|Booking From:||Saturday, 24th September 2016|
|Booking Until:||Saturday, 23rd September 2017|
|Running Time:||2 hours|
|Age Restriction:||The Woman in Black is on the National Curriculum for English and Drama, so some performances (especially matinees and on weekdays) are likely to have school groups in attendance.|
|Important Info:||This play is not suitable for those with a nervous disposition or who cannot handle sudden shocks. Please be advised that there is a large possibility of school groups being present at The Woman In Black, especially for Monday to Thursday performances.|
|Tue:||3pm and 8pm|
|Sat:||4pm and 8pm|
Myself and my teenage kids thoroughly enjoyed this play. When it began I thought it would be tedious but within 5 minutes we were hooked and at the edge of our seats. The acting was superb and you really feel as if you are on that causeway.
Susan Hill’s classic ghost story still haunts the London stage after 21 years and is just as spine-tingling as ever. The Woman in Black has toured extensively over the years but I imagine that the combination of the spooky Fortune Theatre and this terrific thriller will be hard to beat.
A solicitor named Arthur Kipps employs an a young actor to help him to tell a story he has been unable to articulate years since the event took place. As a junior solicitor, Arthur is sent North from London to the imposing Eel Marsh House where a Mrs Alice Drablow, the sole owner, has died. While attending the funeral He notices the fleeting presence of a young woman with a wasted face, dressed all in black, at the back of the church. When he asks the locals about her, they refuse to engage with him or admit she exists. While sorting through the affairs of his client Kipps is struck by feelings of dread and anxiety as the mystery of the Woman in Black unfolds with terrible consequences.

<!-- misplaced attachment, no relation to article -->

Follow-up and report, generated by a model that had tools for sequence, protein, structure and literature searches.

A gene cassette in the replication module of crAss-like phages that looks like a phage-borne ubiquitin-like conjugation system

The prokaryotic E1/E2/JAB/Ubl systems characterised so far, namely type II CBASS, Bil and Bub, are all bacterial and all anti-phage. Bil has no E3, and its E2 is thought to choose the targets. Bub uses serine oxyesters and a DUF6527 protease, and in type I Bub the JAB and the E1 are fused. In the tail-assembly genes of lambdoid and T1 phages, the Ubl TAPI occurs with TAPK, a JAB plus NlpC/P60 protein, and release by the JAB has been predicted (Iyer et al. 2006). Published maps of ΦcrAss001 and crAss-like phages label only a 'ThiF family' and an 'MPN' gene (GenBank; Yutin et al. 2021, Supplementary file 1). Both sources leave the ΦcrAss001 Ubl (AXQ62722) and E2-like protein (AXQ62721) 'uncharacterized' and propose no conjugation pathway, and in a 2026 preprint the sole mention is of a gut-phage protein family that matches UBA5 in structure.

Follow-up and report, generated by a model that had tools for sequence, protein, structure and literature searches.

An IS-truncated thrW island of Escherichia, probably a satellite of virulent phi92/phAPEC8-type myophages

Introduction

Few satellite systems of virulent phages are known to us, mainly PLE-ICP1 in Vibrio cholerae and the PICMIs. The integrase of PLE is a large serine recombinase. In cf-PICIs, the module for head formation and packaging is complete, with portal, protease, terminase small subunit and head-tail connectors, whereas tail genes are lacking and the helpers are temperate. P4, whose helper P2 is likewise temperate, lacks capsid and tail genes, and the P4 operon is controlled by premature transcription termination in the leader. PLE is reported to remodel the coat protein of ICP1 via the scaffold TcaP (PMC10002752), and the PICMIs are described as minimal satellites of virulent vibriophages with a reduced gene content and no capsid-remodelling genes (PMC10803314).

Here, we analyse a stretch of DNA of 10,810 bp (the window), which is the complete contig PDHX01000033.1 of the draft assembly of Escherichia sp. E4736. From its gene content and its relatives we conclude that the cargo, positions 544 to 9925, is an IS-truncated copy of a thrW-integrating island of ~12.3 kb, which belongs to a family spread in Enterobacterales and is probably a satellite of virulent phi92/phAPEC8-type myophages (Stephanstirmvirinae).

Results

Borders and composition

London’s spookiest play has been running for 21 years now. The play usually recasts the main roles every 6 months so it will always feel fresh and the standard of actor involved will remain high. Michael Mears is a seasoned National Theatre and RSC actor and gives a brilliant performance as Mr Kipps, and Orlando Wells (History Boys) is assured and likable as the young actor telling his story. The play is cleverly staged with minimal set initially and opening up the deeper we get into the story. The storytelling is vivid and gripping. It has the suspense of Hitchcock and a real film noir feel to it. This was my third time watching it and I feel that director Robin Herford keeps the production fresh by playing to the strengths of each new group of actors while remaining true to the essence of the character and the story they are telling. Sit in the centre stalls for the best experience.
Brilliantly theatrical, this is an atmospheric night of theatre you should not miss if you enjoy a great mystery or ghost story.
The Woman in Black - By Stephen Mallatratt based on the novel by Susan Hill at the Fortune Theatre, Russell Street, Covent Garden WC2.
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